Program Equips Community College Students to Obtain Four-Year Degrees

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Students attend the Vassar College Exploring Transfer program closing ceremony and presentation of certificates of completion in July 2023. (Photo courtesy of Lucas Pollet/Vassar College)

The Exploring Transfer program at Vassar College is a summer intensive that immerses currently enrolled community college students in an academically rigorous environment, providing vital support and encouragement so they can ultimately continue their education at a competitive four-year institution.

First-generation students and those from underrepresented groups and disadvantaged backgrounds are given priority in the application process for the five-week summer program at Vassar, a private liberal arts institution in New York state.

Cohorts include 25 to 30 participants per summer who live in the dorms, have access to a campus meal plan, and participate in two courses co-taught by a community college faculty member paired with a Vassar instructor. The courses have a liberal arts and interdisciplinary approach and include a social justice component.

Scholarships are awarded to cover tuition and room and board. Wraparound services focused on mental health and academic support are also offered.

Exploring Transfer was first started by faculty, administrators, and community members nearly 40 years ago, in 1985, through a partnership with LaGuardia Community College. Since then, the program has grown to include over 15 partners and more than 1,000 students. Recently, a partnership with Diné College, a tribal college based in Arizona, was renewed.

“This isn’t a transfer program to Vassar, it’s a program for students to [have] their horizons expanded so that they don’t under-match when they are thinking about transferring to a four-year school,” says Charlotte Gullick, interim director of the program. “It’s making sure that they know that the world is wider than they might have had experience with.”

Eighty percent of community college students intend to earn a bachelor’s degree, but only approximately 14% actually earn one, according to the Community College Research Center at Columbia University.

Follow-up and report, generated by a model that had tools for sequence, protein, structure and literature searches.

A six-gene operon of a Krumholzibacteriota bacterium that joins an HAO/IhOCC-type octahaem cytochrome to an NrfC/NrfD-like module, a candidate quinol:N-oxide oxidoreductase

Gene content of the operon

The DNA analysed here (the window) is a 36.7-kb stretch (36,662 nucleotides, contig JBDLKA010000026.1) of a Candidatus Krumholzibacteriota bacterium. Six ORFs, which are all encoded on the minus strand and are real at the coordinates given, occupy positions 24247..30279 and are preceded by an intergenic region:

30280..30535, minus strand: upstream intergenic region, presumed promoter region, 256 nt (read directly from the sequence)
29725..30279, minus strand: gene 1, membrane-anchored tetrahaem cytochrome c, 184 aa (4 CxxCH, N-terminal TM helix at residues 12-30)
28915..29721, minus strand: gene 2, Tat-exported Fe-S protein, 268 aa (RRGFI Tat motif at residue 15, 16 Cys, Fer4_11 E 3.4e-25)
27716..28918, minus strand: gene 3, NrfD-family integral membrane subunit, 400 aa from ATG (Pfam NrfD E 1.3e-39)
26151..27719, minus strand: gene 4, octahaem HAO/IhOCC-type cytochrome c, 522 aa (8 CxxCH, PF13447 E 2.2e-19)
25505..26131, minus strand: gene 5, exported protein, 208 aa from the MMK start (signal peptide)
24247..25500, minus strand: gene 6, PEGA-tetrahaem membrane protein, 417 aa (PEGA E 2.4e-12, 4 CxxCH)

Exploring Transfer is tackling this disparity, as 70% of program survey participants reported achieving their bachelor’s degree and 15% said they are actively pursuing one, says Gullick. This data was collected with a grant from the ECMC Foundation, which is also helping leaders work with other institutions to launch Exploring Transfer programs of their own.

“This is absolutely a social justice issue,” says Wendy Maragh Taylor, associate dean of the College for Student Growth and Engagement. “This is about equity. This is about — how do we attend to some of the most vulnerable students in higher education? And how do we, as four-year institutions, and particularly some of the selective institutions like Vassar, … make sure that our communities see that this is a place that could be open to them?”

Many students report that the program addressed their feelings of imposter syndrome and built their confidence, and therefore it opened their eyes to further academic experiences they wouldn’t have previously considered, such as studying abroad, says Maragh Taylor.

Exploring Transfer students have gone on to attend a wide range of four-year institutions, including Cornell University, Amherst College, New York University, and Smith College.

“The four-year institutions learn from these experiences, and it’s an opportunity for them to see the strengths of community college students,” says Gullick. “So, this isn’t a ‘saviorship’ kind of thing, it’s ‘We want to partner with you and the strengths that you bring as a student with a lot of identities.’”

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